“Residents of Evanston, Oak Park, Skokie and Stickney Township are now eligible to register for vaccine appointments in suburban Cook County. They will be permitted to register on vaccine.cookcountyil.gov immediately.”

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EVANSTON, Ill. (CBS) — We know the demand for the vaccine is great, but supply is still lagging.

And for a small number of Cook County communities, their options for where to get the vaccine are even more limited.

As CBS 2’s Marie Saavedra reported, this story comes down to two words – not fair. That is how the Evanston Mayor Steve Hagerty feels about the fact that people living in the north suburban city can’t be vaccinated at any of Cook County’s mass sites.

The same issue applies in other communities, including Oak Park.

“I think I first experienced this frustration when I just tried to register,” said Marion Baumgarten.

Baumgarten lives in Oak Park and never expected the fact that she lives there would make it harder for her to find a vaccine.

“I went to the Cook County website and tried to register and got redirected to the Village of Oak Park – which at that time didn’t even have any registration at all,” she said.

Outside the city of Chicago but in Cook County, there are four communities with their own public health departments – Evanston, Oak Park, Skokie, and Stickney Township.

All those suburban communities are within Cook County. But put in a ZIP code corresponding to an address in one of those communities at a mass vaccination site sign-up, and you’ll be rerouted.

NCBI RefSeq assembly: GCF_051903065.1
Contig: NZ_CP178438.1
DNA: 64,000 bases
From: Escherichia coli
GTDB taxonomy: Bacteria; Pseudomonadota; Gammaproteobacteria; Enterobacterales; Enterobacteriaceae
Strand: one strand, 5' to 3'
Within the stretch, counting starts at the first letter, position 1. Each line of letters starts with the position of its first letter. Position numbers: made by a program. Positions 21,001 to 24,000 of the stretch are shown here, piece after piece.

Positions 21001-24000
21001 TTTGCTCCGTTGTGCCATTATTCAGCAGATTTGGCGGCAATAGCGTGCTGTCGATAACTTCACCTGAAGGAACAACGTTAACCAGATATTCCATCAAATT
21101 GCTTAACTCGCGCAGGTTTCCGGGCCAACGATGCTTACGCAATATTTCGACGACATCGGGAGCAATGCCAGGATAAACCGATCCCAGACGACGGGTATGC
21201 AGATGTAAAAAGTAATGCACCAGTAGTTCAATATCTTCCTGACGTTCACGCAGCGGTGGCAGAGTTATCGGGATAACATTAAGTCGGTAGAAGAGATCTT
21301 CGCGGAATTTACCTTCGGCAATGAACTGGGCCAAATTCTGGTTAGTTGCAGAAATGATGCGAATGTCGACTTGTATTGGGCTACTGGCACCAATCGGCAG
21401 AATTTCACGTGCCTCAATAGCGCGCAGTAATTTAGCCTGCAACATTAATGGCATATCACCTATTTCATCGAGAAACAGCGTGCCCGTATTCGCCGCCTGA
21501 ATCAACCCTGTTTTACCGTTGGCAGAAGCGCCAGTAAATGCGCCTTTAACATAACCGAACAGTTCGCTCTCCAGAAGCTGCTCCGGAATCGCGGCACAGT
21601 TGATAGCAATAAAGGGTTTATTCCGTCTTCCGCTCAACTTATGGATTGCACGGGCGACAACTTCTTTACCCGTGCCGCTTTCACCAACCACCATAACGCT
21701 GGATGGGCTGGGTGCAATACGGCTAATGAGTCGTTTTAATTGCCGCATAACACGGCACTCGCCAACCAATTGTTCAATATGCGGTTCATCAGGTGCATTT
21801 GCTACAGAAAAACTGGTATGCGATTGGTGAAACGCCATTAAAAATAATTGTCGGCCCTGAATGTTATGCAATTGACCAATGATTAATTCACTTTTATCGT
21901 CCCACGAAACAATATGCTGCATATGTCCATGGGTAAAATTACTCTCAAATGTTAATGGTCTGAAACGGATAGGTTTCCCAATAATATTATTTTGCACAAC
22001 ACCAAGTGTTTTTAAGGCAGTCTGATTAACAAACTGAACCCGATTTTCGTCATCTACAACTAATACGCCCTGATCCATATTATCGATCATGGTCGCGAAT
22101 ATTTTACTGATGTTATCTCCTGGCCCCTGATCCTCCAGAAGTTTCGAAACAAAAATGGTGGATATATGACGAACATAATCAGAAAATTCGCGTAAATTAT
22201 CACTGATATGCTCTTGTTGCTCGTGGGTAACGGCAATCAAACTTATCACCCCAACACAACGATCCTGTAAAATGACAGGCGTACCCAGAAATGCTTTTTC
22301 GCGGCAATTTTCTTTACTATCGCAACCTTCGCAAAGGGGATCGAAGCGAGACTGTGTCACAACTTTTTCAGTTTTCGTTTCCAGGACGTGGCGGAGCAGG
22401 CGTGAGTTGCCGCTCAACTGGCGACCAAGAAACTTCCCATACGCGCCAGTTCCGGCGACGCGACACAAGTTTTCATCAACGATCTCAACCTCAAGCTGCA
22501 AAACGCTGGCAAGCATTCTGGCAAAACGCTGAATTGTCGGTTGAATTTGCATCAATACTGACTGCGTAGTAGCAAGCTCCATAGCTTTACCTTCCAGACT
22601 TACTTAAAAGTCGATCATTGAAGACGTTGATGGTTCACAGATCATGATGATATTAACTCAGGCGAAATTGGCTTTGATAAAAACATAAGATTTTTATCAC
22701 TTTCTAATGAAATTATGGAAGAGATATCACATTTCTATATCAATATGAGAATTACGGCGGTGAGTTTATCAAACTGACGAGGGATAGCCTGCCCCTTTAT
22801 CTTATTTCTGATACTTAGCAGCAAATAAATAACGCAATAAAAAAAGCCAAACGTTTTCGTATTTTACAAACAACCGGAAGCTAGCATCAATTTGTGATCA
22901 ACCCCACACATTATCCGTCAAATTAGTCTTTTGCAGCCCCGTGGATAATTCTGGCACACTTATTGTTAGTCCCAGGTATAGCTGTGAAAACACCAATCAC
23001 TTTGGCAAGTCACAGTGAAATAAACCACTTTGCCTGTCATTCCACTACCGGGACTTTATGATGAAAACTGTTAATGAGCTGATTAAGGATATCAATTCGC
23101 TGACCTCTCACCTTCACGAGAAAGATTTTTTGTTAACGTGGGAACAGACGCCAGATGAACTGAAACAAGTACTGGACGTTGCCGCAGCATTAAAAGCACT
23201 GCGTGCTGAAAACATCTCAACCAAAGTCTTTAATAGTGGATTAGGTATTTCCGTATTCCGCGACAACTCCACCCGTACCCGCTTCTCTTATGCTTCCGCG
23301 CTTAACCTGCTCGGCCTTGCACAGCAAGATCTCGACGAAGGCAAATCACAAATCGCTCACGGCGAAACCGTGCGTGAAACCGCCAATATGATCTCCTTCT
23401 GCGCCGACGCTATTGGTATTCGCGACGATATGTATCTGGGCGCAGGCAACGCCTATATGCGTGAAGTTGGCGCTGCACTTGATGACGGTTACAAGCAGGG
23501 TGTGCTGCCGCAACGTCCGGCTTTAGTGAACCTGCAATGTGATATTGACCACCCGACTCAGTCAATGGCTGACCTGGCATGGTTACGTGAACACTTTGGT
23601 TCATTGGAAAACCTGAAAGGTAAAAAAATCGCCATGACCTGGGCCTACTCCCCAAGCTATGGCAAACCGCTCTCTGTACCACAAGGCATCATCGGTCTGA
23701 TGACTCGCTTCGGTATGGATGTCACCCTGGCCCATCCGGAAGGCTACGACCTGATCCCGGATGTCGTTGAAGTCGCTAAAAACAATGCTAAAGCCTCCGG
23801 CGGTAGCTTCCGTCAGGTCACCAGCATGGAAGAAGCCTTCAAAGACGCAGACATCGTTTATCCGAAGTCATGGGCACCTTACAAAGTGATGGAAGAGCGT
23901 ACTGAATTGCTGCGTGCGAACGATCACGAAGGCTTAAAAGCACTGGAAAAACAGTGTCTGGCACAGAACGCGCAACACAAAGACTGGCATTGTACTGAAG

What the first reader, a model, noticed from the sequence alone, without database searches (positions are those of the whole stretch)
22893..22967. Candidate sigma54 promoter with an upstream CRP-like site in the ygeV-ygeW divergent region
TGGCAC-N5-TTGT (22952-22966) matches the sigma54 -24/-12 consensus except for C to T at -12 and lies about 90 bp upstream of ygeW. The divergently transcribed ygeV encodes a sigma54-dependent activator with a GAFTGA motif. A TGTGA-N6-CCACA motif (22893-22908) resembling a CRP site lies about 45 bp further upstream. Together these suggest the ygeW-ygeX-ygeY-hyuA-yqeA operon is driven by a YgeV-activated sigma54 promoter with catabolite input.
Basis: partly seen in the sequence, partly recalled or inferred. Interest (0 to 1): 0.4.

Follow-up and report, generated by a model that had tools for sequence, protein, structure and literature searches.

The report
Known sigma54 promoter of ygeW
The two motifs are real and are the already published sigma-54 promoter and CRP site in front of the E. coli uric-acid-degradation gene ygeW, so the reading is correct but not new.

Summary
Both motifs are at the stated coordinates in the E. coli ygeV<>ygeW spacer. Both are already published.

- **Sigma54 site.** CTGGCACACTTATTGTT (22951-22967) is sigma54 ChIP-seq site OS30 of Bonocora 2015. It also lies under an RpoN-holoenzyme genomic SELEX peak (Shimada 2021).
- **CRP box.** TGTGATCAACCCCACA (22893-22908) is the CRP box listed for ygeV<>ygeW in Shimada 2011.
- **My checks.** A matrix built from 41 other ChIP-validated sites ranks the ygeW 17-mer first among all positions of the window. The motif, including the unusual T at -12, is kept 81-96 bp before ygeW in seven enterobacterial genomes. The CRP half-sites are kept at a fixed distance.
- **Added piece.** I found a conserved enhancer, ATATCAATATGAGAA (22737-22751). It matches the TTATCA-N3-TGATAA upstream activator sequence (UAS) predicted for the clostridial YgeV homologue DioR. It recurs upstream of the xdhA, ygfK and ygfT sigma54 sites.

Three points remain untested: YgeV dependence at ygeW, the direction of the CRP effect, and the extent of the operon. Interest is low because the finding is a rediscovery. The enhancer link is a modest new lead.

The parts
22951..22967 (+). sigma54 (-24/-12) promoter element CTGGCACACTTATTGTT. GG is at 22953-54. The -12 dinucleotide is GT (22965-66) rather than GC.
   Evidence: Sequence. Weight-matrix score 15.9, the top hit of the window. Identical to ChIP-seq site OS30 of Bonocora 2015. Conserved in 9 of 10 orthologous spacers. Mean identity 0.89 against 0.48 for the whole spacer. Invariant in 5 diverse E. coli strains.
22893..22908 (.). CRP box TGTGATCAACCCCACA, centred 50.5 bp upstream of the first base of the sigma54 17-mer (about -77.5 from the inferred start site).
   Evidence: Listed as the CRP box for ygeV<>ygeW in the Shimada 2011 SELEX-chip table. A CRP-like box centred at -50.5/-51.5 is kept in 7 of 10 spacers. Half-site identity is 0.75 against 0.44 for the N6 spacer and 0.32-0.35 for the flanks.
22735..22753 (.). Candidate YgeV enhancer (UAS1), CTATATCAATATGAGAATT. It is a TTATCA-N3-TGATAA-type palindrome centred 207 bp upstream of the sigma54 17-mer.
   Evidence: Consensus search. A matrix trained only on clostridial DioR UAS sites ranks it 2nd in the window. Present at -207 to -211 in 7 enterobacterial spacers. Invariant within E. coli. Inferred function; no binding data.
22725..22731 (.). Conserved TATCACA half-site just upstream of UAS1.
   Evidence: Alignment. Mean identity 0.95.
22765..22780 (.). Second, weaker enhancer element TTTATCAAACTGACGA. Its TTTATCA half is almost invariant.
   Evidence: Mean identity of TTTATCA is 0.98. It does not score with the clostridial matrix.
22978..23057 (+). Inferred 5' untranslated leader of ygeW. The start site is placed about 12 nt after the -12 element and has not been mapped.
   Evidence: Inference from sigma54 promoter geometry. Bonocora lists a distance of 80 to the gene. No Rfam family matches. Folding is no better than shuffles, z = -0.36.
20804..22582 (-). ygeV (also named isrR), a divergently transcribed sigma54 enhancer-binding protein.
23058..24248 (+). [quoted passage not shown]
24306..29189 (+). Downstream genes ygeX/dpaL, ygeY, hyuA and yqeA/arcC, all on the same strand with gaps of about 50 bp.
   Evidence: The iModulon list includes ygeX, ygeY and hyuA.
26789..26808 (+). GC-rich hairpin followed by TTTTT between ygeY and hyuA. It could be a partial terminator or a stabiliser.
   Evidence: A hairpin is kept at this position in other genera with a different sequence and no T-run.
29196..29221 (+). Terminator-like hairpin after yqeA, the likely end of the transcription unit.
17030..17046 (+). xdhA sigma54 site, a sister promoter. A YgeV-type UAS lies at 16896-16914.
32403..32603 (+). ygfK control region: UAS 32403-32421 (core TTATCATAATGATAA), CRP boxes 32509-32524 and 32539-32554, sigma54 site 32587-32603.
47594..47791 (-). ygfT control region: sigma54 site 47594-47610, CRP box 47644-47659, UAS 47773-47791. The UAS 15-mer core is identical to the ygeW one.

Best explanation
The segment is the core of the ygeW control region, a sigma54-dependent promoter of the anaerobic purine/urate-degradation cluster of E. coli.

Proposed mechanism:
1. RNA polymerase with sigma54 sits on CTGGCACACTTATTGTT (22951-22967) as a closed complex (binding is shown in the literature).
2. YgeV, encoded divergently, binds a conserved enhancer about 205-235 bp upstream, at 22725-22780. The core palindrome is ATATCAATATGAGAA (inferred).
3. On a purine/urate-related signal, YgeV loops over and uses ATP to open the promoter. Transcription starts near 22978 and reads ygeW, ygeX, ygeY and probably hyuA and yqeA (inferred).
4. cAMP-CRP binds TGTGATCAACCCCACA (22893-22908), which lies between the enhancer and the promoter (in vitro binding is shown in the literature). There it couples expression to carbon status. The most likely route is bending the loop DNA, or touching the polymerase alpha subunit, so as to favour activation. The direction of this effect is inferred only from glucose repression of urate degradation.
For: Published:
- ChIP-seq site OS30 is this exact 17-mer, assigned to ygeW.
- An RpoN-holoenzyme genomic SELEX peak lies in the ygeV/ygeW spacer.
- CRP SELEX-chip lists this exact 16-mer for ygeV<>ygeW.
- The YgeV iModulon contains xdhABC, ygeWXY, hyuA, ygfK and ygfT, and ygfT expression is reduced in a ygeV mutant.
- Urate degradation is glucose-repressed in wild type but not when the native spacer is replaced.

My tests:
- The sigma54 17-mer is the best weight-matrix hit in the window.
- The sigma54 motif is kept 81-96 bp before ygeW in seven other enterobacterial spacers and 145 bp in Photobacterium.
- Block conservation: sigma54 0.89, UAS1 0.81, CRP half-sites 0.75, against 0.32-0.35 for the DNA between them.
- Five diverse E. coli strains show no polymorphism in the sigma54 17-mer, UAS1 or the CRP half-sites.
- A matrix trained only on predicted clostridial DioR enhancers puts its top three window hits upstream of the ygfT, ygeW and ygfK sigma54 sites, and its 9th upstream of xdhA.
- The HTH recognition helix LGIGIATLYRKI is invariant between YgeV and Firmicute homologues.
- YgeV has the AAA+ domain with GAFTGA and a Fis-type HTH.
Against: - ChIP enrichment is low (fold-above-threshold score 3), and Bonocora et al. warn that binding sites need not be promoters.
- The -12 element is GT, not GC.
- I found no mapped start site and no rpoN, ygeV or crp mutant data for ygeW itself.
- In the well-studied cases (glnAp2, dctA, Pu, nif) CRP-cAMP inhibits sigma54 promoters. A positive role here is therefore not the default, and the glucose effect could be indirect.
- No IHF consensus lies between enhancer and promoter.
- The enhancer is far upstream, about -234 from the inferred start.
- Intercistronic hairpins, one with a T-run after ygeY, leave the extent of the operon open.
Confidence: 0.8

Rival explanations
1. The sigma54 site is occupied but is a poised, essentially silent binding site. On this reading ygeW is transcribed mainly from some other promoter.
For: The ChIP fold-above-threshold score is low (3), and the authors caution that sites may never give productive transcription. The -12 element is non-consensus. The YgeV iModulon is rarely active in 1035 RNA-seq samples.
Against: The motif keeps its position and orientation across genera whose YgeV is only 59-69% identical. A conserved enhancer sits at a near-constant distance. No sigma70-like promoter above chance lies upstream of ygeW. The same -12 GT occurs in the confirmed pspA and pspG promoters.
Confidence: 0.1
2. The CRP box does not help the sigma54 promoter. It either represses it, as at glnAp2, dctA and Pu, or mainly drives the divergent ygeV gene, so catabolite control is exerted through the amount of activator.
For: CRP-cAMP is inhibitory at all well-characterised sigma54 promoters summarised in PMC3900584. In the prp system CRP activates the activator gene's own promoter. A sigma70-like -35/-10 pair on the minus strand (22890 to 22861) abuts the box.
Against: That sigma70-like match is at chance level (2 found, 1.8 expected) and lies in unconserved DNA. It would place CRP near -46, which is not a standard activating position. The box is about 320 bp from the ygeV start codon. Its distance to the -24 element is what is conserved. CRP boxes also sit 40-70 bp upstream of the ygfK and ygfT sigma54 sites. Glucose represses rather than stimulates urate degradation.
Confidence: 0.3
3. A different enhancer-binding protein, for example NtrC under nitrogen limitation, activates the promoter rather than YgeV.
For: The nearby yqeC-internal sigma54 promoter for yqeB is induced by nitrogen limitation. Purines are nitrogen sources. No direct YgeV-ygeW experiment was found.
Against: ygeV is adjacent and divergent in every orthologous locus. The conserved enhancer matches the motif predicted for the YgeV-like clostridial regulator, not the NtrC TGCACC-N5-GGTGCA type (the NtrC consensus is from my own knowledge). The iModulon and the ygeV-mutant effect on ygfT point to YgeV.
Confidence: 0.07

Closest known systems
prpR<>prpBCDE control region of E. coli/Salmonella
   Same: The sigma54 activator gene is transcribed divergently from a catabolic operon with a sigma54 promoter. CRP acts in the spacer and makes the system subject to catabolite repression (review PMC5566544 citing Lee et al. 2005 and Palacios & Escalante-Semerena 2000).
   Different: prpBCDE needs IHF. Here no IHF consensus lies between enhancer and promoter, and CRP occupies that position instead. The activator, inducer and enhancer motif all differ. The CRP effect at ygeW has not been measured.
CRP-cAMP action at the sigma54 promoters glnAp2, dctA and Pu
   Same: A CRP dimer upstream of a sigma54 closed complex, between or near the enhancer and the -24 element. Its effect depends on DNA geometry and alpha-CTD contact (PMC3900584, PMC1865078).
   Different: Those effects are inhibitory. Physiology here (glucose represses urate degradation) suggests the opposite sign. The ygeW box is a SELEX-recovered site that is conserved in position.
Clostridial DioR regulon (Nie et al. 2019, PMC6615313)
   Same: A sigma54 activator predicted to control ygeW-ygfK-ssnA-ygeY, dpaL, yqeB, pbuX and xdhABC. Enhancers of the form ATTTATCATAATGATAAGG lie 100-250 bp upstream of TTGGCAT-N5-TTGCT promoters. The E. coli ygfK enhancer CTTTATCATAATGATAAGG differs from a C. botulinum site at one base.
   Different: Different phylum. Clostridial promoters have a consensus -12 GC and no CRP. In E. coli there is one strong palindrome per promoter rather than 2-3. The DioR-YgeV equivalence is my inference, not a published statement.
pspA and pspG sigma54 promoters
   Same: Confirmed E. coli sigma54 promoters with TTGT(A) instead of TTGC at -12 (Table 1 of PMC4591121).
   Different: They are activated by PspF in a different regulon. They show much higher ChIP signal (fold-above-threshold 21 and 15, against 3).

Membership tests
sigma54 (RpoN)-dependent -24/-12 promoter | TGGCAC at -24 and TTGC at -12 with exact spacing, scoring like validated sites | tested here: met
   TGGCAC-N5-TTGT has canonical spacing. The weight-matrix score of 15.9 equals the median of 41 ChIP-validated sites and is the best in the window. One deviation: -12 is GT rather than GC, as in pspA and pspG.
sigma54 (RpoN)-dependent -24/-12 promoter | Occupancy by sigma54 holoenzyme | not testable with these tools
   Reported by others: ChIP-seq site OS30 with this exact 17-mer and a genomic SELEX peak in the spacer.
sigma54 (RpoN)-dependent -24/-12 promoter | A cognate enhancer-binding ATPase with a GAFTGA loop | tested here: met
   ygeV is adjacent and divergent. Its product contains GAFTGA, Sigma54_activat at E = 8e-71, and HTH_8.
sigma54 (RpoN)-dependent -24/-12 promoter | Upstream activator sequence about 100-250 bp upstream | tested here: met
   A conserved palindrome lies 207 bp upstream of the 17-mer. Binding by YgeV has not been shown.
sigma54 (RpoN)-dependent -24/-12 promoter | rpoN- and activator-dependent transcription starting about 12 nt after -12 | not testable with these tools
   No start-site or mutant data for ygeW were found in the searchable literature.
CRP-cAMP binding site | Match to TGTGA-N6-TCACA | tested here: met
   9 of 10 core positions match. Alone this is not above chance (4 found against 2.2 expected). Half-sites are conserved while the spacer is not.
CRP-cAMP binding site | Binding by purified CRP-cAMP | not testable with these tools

“Because we have our own public health department, we can’t register to be vaccinated at the mass-vaccination centers within Cook County,” said Mayor Hagerty.

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Hagerty knows the problem. In an email to residents Monday, he said that hurdle was “simply not fair to Evanston residents.”

So he has asked the county to fix it to allow Evanstonians’ access to those events.

“They are listening, they understand, and they too are challenged by limited vaccines – so I feel strongly that they’re working on it,” Hagerty said.

Another options is for these suburbs to host their own sites.

“The alternative is that the state set aside an allocation that allows Evanston to have a mass vax event here where we could do thousands and thousands of people,” Hagerty said.

Hagerty believes the arrival of more doses, including Johnson & Johnson’s, will help either one possible. Down in Oak Park, Baumgarten hopes that goes for her community too.

“It’s a very, very convoluted system,” Baumgarten said.

We reached out to Oak Park on Tuesday to ask if it has been part of these conversations about changing access for its residents and we have not heard back. Stickney Township said it has not made that ask of the County, but like Evanston, Skokie also has.

The Village of Skokie said it hopes to have an update on that access soon.

As to where residents of those four suburban communities can find shots, many had their hopes pinned on the United Center. But on Sunday, the rules there changed so that only Chicago residents may make appointments.

So such as it is, most are turning to Walgreens, Mariano’s, and other private pharmacies, and Evanston’s mayor encouraged residents to do that in his note to them Monday night.

Here are some links to help you make an appointment: (We have to caution you, it may be difficult to find an available shot in the near future and near your home, but we did want to share all these links in one place to perhaps make it easier for you.)

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Wal-Mart | Walgreens | CVS | Jewel-Osco | Kroger | Mariano’s | Meijer | Zocdoc | Hy-Vee | Illinois Department Of Public Health | Indiana Health Department

Marie Saavedra